I often say that most of us have the potential to do 95 percent of our best work in the last 5 percent of our lives. As we age, we become well poised to offer a range of perspectives and skills, which can only come with time and experience. This is true throughout our lives starting from when we are babies learning how to walk and speak. Our middle and later years can be a time in which many of us have raised families, had some success in our work (and perhaps reached the silver ceiling…), and may wish to pursue old (or new) dreams if we have the ability, opportunity, time and financial security.
A perfect example of someone who has learned from experience and is using her personal history and decades-long patience to find opportunity, satisfaction, and meaning is 91-year-old Barbara Beskind. Beskind was the focus of a recent Today Money piece by Scott Stump (February 25, 2015, Today.com), the title of which tidily sums up her story: ‘Age is not a barrier’: Tech designer, 91, lands her dream job in Silicon Valley.
Beskind’s inventiveness began “out of necessity” during the Great Depression in the 1920’s. As she tells it, “I wanted to make a hobby horse, and I made it out of old tires. I learned a lot about gravity because I fell off so many times.” Despite having decided by 10 years old that she wanted to be an inventor, a high school counselor told her that females weren’t accepted at engineering school. She, therefore, pursued other avenues and hobbies until two years ago, at 89, she had an opportunity to follow her original dream. Beskind applied and was hired for a one-day-a-week job testing and designing aging-related products at the Silicon Valley global design firm, IDEO, where she still works today.
While praising the welcoming inter-generational culture and atmosphere at the company, in the Today story Beskind also shared her perspective about hiring someone from her generation for that position. Suggesting that many younger designers “…can’t put themselves in the shoes of the elderly” and, therefore, often design for fashion rather than functionality, she shared her feeling that “… elderly people bring experience that you can’t teach.”
The idea of pursuing one’s passion and meaning in an “encore career,” a career after retirement, is becoming increasingly popular as we live longer and have more opportunities. Whether following through on an old dream or creating a new one, if situations permit, many of us find our satisfaction in such pursuits.
My own experience involved shifting careers in midlife (in what I have since termed my second “midlife reclamation”) from a successful corporate career to that of an educational GeroFuturist with my own consulting, coaching and publishing business. Was it easy? Not at all! Transition rarely is. Experiencing somewhat of a crisis of the Soul, I agonized while reviewing who I was and wanted to be, what was most important to me and how I could find meaning, significance and fulfillment while also giving back and making a difference for others. These are often common hallmarks for anyone pursuing their heartfelt passion and/or looking to have an encore career, whether by choice or even by necessity.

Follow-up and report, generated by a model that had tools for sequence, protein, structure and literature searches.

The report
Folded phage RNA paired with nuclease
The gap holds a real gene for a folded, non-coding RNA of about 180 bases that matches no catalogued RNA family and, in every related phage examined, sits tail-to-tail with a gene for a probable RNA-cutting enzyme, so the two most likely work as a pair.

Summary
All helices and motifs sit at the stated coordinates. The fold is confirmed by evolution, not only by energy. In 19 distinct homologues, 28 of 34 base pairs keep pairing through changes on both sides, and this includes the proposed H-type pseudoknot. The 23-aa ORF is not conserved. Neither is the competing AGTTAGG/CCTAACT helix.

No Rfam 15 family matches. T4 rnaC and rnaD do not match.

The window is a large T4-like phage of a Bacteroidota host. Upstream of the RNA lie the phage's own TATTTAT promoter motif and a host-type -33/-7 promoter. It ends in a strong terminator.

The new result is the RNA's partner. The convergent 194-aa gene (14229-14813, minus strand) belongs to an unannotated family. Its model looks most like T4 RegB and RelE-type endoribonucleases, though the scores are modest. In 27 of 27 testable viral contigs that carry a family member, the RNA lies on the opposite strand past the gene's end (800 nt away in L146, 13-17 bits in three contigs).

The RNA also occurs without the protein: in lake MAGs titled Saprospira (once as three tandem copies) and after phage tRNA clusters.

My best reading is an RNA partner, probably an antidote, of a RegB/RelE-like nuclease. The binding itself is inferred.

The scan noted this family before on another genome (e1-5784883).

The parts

Career changes, whether they follow retirement or not, may involve some unexpected shifts, detours or delays. For those of us who are ready, Radical Reinvention is in order. Sometimes, when we consciously choose to pursue a process of breaking away from what was to what can be, we will traverse what I have long called The Canyon of the Soul. In this trek you will transform based on the best of you, as well as reclaiming the core of what really matters to you. As I mentioned in my February 11, 2014 blog, False Alarm: Reinvention is Boomer Friendly (www.karensands.com/false-alarm-reinvention-is-boomer-friendly), “Now is the last chance we get to embrace the gift of turning crisis into opportunities.”
Yes, you often have to toss out old definitions of yourself and of success, as well as aspects of your life that do not really matter, that are merely clutter. You have to remove the tangential plot lines, the side stories that distract from the main plot, and sometimes you have to even cut characters who are dragging the story down. Radical Reinvention is a purification process, getting down to your essence, to your Signature Greatness DNA, and to your core values. At the same time, you don’t have to toss the gold with the dross, so it is key to know yourself and have a clear vision.
Eight decades after dreaming of becoming an inventor, Barbara Beskind chose to make her vision a reality. Her story exemplifies that dreams can be achieved at any age. I imagine (and hope) that as we live longer, stories like this will become commonplace.
Do you have an old dream you are pursuing? What advice do you have for others wanting to do the same?
Feel free to share in the comments below.
(Image Credit: Walking Paris by Adrian Simpson, flickr.com/photos/adrian_s/30760429/)